The most basic personal authority level refers to the one-to-one style of interaction occurring between individuals, much as typically encountered in one’s personal friendships. This personal interplay is further specialized into either authority or follower roles: exemplified in the case of the master craftsman who remains dependent upon the services of his faithful apprentice. A similar scenario also holds true with respect to the hero and his side­kick, or the celebrity and his straight-man. Here the authority and follower roles flexibly complement one another in terms of such an equitable balance of power. The authority figure formally depends upon the attentions of his follower (as much as the other way around), resulting in an equivalent balance of power with respect to the personal realm.

This elementary personal foundation, in turn, extends to the equally pervasive domain characterizing the group authority perspective. The group set surpasses the unit set in terms of its expansion to a multitude of elements (or class members) within a group-focused context. Personal concerns now become sub­ordinate to such a group power base, being that enough group followers remain to continue group authority whether or not any single individual chooses to desert. In a single stroke, the group authority rises well above any personal power struggles, an innovation exploited since ancient times as the well-established custom of tribal-based authority.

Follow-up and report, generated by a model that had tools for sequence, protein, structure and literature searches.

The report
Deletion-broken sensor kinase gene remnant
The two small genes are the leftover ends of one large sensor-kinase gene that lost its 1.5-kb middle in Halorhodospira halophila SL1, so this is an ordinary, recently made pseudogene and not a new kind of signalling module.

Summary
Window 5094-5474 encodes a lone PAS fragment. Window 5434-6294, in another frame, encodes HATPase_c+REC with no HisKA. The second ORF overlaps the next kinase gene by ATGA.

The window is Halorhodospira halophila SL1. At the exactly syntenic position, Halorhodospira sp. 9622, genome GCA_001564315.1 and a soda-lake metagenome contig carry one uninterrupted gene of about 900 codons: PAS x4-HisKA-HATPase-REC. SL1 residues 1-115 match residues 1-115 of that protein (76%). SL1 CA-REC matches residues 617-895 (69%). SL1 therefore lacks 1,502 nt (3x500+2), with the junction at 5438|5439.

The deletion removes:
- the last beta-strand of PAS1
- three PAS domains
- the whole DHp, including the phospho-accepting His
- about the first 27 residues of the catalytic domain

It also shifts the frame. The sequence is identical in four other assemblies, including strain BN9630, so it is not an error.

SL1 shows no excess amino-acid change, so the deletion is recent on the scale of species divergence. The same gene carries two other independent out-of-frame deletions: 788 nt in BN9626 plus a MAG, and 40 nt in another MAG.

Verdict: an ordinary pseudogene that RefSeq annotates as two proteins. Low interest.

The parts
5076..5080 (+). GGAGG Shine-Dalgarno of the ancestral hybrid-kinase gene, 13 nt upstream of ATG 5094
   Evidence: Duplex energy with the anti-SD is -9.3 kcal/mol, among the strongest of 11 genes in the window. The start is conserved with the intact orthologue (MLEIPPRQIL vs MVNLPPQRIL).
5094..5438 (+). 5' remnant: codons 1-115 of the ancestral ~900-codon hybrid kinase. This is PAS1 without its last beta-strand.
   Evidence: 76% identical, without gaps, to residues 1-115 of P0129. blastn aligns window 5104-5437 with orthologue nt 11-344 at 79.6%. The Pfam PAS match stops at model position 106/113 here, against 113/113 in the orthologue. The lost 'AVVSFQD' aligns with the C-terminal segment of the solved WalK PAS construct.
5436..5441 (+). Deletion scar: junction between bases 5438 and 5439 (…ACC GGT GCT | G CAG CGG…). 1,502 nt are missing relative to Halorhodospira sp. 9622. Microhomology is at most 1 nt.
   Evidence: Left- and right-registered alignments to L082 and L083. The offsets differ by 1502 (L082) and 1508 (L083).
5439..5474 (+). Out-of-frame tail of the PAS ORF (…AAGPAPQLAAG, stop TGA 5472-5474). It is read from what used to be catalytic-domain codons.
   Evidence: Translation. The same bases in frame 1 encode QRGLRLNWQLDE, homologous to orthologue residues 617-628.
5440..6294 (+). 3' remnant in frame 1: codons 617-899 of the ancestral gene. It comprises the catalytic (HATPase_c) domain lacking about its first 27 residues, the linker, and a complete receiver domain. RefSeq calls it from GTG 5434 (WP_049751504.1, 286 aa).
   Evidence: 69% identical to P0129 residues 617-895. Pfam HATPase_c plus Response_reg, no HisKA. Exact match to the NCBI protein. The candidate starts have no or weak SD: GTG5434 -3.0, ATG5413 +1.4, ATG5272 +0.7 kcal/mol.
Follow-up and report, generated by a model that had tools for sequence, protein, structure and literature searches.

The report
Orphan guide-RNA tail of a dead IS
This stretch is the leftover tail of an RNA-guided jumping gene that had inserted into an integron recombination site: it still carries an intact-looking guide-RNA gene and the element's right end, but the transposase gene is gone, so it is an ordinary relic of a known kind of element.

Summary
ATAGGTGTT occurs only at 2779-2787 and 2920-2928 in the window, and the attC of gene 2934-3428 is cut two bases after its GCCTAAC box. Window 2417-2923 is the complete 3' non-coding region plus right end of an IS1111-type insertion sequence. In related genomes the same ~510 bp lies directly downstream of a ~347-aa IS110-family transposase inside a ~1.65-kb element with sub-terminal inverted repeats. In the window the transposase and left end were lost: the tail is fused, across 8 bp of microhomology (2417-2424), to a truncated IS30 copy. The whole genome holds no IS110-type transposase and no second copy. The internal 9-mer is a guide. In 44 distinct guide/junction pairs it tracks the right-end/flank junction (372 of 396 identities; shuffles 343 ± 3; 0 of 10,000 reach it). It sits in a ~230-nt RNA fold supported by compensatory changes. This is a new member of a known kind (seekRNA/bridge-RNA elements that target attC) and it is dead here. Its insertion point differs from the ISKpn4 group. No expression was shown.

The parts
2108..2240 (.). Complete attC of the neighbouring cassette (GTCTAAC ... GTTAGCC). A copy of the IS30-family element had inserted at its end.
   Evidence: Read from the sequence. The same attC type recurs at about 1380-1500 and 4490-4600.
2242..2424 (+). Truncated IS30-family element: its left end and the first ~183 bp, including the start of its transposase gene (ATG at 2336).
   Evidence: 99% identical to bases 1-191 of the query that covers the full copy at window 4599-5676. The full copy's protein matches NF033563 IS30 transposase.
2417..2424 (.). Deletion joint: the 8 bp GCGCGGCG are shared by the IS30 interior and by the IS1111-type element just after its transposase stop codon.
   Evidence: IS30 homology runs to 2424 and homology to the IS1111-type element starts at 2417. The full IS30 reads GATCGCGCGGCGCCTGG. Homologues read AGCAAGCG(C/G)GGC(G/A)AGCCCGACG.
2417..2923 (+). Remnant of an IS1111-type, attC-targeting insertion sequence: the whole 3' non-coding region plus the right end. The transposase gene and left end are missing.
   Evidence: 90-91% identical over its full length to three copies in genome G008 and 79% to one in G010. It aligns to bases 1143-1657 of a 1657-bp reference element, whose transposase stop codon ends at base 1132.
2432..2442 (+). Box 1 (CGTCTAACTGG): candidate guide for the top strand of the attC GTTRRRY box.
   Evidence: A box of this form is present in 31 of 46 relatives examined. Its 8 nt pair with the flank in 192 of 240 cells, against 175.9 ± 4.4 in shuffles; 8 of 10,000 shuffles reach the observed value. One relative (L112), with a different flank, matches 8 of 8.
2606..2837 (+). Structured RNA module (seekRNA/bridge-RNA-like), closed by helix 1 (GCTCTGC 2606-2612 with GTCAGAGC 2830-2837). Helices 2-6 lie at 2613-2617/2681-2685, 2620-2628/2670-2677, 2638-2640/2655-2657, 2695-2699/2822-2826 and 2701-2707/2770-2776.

Group authority, in turn, is susceptible to its own unique form of follower counter-maneuver: namely, that expressed by the group representative. The latter’s distinctive style of “strike” leverage is fully realized at this juncture, as wit­nessed in the modern-day trend towards collective bargaining. By organizing as a union collective, the rank-and-file nominates a shop steward to represent them in their negotiations with management. The group representative, in essence, reminds the group authority that the cooperation of the labor pool is crucial for main­taining the group status quo. Consequently, the group authority (in concert with the group representative) shares an equivalent balance of power within the group power realm.

      A similar pattern further holds true with respect to the spiritual authority level, although this sense of “spiritual” is restricted to the universal sense of the term implicit in Set Theory. The universal set clearly surpasses the multi­plicity of the group domain: in essence, the sum-totality of all such groups within the universal domain. The universal set represents the “group of all group sets,” a 3rd-order style of set-hierarchy (equivalent to the domain of all mankind). Indeed, whereas group authority surpasses the influence of the individual members, the spiritual authority figure similarly over­rules the strike power of any of its constituent groups, whereby claiming authority over the sum-total of mankind.

     It is true (in practice) that each of the world’s religions competes for the beliefs of the world’s faithful. In principle each religion vigilantly strives to convert all others, giving credence to the uni­versal sense of the term. This claim to universality is traditionally made binding through an appeal to God or a Messiah-figure, a sanction dating to the earliest civilizations. Here a king could inspire the loyalty of his troops (in the name of a god of war) far in excess of what he might claim as a mere mortal ruler.